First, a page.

11 Modern Beer Can and Bottle Innovations
1. The Guinness CO2 Ball
In 1991, Guinness was awarded the Queen’s Award for Technology for the nitrogen ball that the famous Dublin brewery puts in its beer cans so that home drinkers and pubs without a tap can replicate “the perfect pour” while serving Guinness out of a can. What took second place at the Queen’s Award that
year? The Internet (fact). Guinness’s extraordinary innovation, called the “widget,” releases a small amount of pressurized beer when the can is open through a tiny hole in the ball, which agitates the beer just enough to release the right amount of CO2 to form that frothy head we all enjoy.
2. The Coors Light Blue Mountains
When your beer is as cold as the Rockies, the mountains on the label turn blue. What a great idea. It works, too. Coors uses a reversible temperature-sensitive ink to produce a finished ink that changes color.
3. The Aluminum Bottle
Basically a bottle and can hybrid. The aluminum bottle is eco-friendly and blocks light from getting to the beer, which keeps the beer colder for longer.
4. Beer Bottle Shades
There are four common shades you find on beer bottles: clear, brown, green, and yellow. There is a reason behind each one. As Sam Adams founder Jim Koch will remind you, the brown bottles protect the beer from the sun’s UV rays, which allows the beer to stay colder and fresher. The green and yellow bottles do the same thing, just not as well as the brown ones. Clear bottles are used when the company wants you to see the beer in the bottle, so it’s more or less a marketing tool — think Corona. Unfortunately, the clear bottles expose the most light to the beer, which could make the beer warm and damper your day-chay drinking experience.
5. The Coors Vented Wide-Mouth Can
Our friends from Colorado also give us the wide-mouth, “vented” can. It makes the beer a little easier to drink and is prime for chugging. It’s certainly more effective than Miller’s vortex bottle.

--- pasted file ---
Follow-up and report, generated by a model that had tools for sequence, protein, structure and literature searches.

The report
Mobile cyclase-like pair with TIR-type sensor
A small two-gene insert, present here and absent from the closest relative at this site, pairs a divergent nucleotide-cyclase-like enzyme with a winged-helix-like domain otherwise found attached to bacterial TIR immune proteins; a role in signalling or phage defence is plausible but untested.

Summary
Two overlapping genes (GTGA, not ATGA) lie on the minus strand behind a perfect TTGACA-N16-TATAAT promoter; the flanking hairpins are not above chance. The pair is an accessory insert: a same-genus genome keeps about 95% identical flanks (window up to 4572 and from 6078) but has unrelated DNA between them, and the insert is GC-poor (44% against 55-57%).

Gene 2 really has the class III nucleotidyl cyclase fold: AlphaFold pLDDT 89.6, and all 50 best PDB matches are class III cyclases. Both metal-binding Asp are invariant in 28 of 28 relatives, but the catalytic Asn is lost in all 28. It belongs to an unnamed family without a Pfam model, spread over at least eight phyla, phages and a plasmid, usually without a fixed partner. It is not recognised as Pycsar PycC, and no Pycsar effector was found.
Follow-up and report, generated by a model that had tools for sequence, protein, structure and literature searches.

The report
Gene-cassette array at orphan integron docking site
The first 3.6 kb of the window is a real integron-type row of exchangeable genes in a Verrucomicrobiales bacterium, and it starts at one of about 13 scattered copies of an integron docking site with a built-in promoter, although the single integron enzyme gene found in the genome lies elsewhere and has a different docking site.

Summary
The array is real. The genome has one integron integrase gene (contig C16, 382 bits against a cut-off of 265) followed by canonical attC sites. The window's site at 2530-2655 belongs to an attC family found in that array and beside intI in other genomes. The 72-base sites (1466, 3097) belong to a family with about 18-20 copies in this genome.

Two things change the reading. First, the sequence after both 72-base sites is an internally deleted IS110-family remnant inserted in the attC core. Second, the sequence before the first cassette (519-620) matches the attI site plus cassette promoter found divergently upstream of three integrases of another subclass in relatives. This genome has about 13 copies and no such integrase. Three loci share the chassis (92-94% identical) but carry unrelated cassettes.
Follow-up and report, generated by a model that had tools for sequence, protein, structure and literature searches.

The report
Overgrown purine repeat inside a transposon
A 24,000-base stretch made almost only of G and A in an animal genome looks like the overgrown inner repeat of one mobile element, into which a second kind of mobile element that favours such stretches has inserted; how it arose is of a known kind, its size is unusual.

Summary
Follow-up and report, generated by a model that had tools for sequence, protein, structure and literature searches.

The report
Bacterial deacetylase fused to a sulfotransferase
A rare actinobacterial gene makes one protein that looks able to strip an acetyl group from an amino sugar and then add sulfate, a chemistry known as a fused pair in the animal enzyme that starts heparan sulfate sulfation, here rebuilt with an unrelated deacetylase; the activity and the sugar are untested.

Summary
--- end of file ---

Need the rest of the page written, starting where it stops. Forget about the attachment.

6. Plastic Bottles
This innovation is great for sports games. Not only does it eliminate the broken glass problem, the bottles also have a wider mouth, which allows for maximum drinking speed. In addition, unruly fans who decide the ref’s last call deserves some retribution, have less motivation to toss their empties onto the court of field of play.
7. The 40 Oz. Bottle
Generally, the 40 oz. bottle contains a higher percentage of alcohol by volume than most other beers. In addition, the malt liquor, which is essentially beer with a higher alcohol percentage, is cheaper than a lot of the other beers you can find, which makes the 40 oz. very economical and effective.
8. The Heineken Keg Can
This design may not appear to be terribly functional but it does have its perks. The beer stays slightly colder and it has a great feel when you are holding it, not to mention it looks sweet.
9. The Tall Boy
In order to utilize the Tall Boy effectively it is important to drink your beer quickly, which is not a problem for most Bros, but for those of you who like to savor your Fratty Lights, the Tall Boy is not recommend. The beer has a tendency to get warm and flat if it is not drunk properly, i.e. as fast as you can get it down.
10. Coors Frosted Blue Liner
It might keep the beer cold for a couple minutes longer than any other can, but when applied to the real-world drinking environment, the liner is not that effective, which makes it more or less a marketing ploy. That’s O.K., Coors, your other innovations are home-runs.
11. The Miller Vortex Bottle
This marketing ploy by Miller is simply that, a marketing ploy. Maybe if you were shooting hundreds of gallons of beer through a 40-foot cannon the vortex design would make a difference, but not with 12 ounces flowing through a 2-inch bottleneck.